This week: free jazz, avant-pop, and upbeat funk

By in Features





Our favourite new vinyl releases.

This week’s rundown is by VF’s Will Pritchard and Lazlo Rugoff, alongside Annabelle Van Dort, Emily Hill, and James Hammond.

Danger Mouse & Black Thought

Cheat Codes



Uncle rap doesn’t come much tighter than this – little surprise with such a potent pairing involved. Black Thought remains one of the most consistent (and consistently provocative) conscious lyricists to touch a mic, while Danger Mouse’s top-tier pop credentials have never dragged him too far from his first love of boom-bapping rap. Chuck in Joey Bada$$, Conway The Machine, and a posthumous star turn from MF DOOM and you’ve got a roster to compete with. Bop your neck off. – WP

Various Artists

Eccentric Soul: The Shiptown Label

(Numero Group)


Based out of the Nimrod Record store in Norfolk, Virginia, Shiptown records brought together a host of local musicians and vocalists under the banners of soul, funk and the open approach to recording and production of label founder Noah Biggs. True to Numero Group’s Eccentric Soul series, the 1967-1977 Shiptown discography presents an array of approaches, with the usual number of overlooked gems laced throughout. From Flipflop Stevens to Shiptown regular Barbara Stant, variable injections of funkiness and smooth tones make for a collection that’s full of upbeat flourishes. – JH

Henry Kawahara

Minami​-​kaze α Wave

(EM Records)


A special one-sided 7” by talented Japanese producer Henry Kawahara, this special record is a rare vocal track from the late legend that comes after the success of the 2021 release of Cybernetic Defiance and Orgasm: The Essential Henry Kawahara. Minami is a beautiful, atmospheric number. Originally produced in 1993, it challenges the kind of pop music being produced in Japan at the time by the likes of Haruomi Hosono or Tetsuya Komoro. Bringing together elements of folk and the more experimental corners of ambient, it further cements the legacy of Kawahara’s musical prowess. – EH


Slanted & Enchanted



One of the best to do it, Pavement’s beloved debut album — Slanted & Enchanted — returns this week for its 30th anniversary. Led by Stephen Malkmus’s distinct vocals and sleazy guitars, the record includes some of the band’s most famed hits, including ‘Summer Babe’ and ‘In The Mouth of a Desert’. The reissue also includes a replica of the tape the band used to try and sell the record to labels. — LR

Midori Takada

You Who Are Leaving To Nirvana



A striking proposition: ambient minimalist Midori Takada seeks a match in an assembly of meditating Buddhist monks. With the Reverend Syuukoh Ikawa at their head, the monks’ chants were recorded by Takada in Tokyo in 2019, who then leant her own signature additions – breaths of drum, brushed singing bowls – for results that are both stirring and, perhaps expectedly, mesmerising. – WP

Sylvan Esso

No Rules Sandy

(Loma Vista)


Avant-garde electro-pop expermentalists Sylan Esso return with their first album since 2020’s Free Love. No Rules Sandy is a whirlwind of glitching, arrythmic drum patterns and glimmering arpeggios of synth, full of trippy overdubbed vocal harmonies that reverbate like celestial echoes to Amelia Meath’s distinctive airy vocals. An ambitious and technically impressive return to form for the North Carolina duo. – AVD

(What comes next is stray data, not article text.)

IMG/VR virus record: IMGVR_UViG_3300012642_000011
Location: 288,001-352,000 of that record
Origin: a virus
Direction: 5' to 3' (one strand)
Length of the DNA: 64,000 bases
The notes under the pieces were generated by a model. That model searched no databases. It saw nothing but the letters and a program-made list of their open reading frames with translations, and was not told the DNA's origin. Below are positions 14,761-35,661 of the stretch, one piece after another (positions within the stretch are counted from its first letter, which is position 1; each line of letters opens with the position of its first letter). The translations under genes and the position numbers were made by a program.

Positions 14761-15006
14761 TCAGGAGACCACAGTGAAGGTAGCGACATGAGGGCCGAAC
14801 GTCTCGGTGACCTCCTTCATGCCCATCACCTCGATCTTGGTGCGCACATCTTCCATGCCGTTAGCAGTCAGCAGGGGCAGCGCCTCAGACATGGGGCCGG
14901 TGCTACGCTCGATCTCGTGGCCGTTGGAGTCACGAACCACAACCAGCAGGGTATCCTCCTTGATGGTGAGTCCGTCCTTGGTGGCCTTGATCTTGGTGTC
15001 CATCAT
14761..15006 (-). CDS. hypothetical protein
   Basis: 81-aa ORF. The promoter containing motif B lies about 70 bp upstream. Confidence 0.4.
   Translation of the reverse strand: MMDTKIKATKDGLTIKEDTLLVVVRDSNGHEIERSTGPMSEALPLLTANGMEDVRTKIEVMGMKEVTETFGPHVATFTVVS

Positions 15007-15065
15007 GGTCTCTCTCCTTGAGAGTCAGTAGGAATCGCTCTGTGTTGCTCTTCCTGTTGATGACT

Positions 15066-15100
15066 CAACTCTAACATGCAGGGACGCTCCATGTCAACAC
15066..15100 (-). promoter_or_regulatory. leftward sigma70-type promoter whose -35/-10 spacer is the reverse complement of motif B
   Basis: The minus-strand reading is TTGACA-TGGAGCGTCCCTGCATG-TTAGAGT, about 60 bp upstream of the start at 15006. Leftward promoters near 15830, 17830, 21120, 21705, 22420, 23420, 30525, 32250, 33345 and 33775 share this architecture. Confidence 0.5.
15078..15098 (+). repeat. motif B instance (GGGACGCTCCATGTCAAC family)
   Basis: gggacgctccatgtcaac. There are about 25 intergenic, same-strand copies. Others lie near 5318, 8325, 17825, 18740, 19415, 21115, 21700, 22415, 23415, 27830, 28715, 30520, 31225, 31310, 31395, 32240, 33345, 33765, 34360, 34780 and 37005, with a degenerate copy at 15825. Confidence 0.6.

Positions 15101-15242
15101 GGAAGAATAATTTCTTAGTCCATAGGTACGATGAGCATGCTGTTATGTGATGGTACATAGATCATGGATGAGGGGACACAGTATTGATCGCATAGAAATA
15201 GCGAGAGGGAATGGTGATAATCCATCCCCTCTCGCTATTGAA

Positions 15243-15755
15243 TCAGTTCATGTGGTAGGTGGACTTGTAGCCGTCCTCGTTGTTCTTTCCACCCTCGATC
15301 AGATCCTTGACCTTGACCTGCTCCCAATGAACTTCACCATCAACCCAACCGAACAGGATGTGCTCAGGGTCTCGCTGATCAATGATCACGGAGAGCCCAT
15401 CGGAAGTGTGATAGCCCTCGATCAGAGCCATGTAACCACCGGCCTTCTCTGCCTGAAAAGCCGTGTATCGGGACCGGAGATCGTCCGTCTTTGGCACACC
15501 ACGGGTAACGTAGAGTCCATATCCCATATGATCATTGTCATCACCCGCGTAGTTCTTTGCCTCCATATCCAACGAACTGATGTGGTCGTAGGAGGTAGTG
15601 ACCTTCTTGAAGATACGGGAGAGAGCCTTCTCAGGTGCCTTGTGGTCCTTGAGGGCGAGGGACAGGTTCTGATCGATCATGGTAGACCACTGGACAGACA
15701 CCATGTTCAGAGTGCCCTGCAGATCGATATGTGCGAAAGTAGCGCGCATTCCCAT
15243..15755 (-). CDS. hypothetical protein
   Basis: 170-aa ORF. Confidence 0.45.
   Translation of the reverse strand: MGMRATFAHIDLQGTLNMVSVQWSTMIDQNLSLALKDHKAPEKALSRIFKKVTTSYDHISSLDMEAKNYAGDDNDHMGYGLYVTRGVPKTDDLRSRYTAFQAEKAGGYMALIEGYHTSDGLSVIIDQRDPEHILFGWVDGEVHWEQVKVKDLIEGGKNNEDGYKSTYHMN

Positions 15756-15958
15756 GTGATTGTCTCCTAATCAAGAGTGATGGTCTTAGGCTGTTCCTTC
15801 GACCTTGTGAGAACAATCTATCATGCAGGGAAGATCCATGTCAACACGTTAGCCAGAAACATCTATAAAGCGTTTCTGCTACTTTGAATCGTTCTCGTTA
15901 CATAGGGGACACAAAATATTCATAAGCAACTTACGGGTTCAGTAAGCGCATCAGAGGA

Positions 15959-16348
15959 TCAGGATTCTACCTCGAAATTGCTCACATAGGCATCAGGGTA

Blue Notes

Blue Notes For Johnny



Built on the foundations of enduring friendship and a wealth of shared musical explorations, the Blue Notes’ celebratory and uplifting 1987 release of Blue Notes for Johnny was made in dedication to their recently passed bandmate, Johnny Dyani. With Dudu Pukwana on alto sax, Louis Moholo-Moholo on drums, and Chris McGregor on drums, the trio traverse be-bop, post-pop and free jazz, unravelling call-and-response melodies, and keeping a certain adherence to the groove as they bring forth some stunning sonorities. A first-time reissue on vinyl for this vital work. – JH

Kiwi Jr.


(Sub Pop)


On their third album, Chopper, Canadian rockers Kiwi Jr. whip up a riotous concoction of hazed-out garage rock and synth-based experiments. Catchy hooks and choruses abound, showcasing the band’s ear for infectious melody. Self-described as ‘anti-patio-sunscreen-Beach Boys bachelor cruise sing-a-long’, Chopper is an album that revels in the surreal. Each track brims with cryptic witticisms and acerbic observations crafted with a tongue-in-cheek flair. – AVD

Yuji Dogane & Mamoru Fujieda

Ecological Plantron Ecological Plantron

(EM Records)


Originally released as a CD in 1994, Yuji Dogane and Mamory Fujieda’s Ecological Plantron is an audio document, capturing an installation that took place at a gallery in Tokyo. The artwork was brought to life by botanist Yuji, who developed the ‘Plantron’ to give a voice to plants using electronic means, assisted in this by composer Mamory, who converted the vegetal energies into audible sounds. Described by the artists as not strictly music, there remains a delicate intelligent energy flowing throughout as the plants strive to communicate with us. – EH

Jane Weaver

The Silver Globe

(Finders Keepers)


Always taking an expansive approach to music making, Jane Weaver looked to Polish sci-fi films, cosmic imagery and ‘esoteric stories’ when writing The Silver Globe. Toying with the potential of pop music, Weaver combines vintage synths, dreamy vocals, and “contemporary space rock.” It takes a focused artistic vision to coherently pull together such seemingly disparate strands, and Weaver more than succeeds. — LR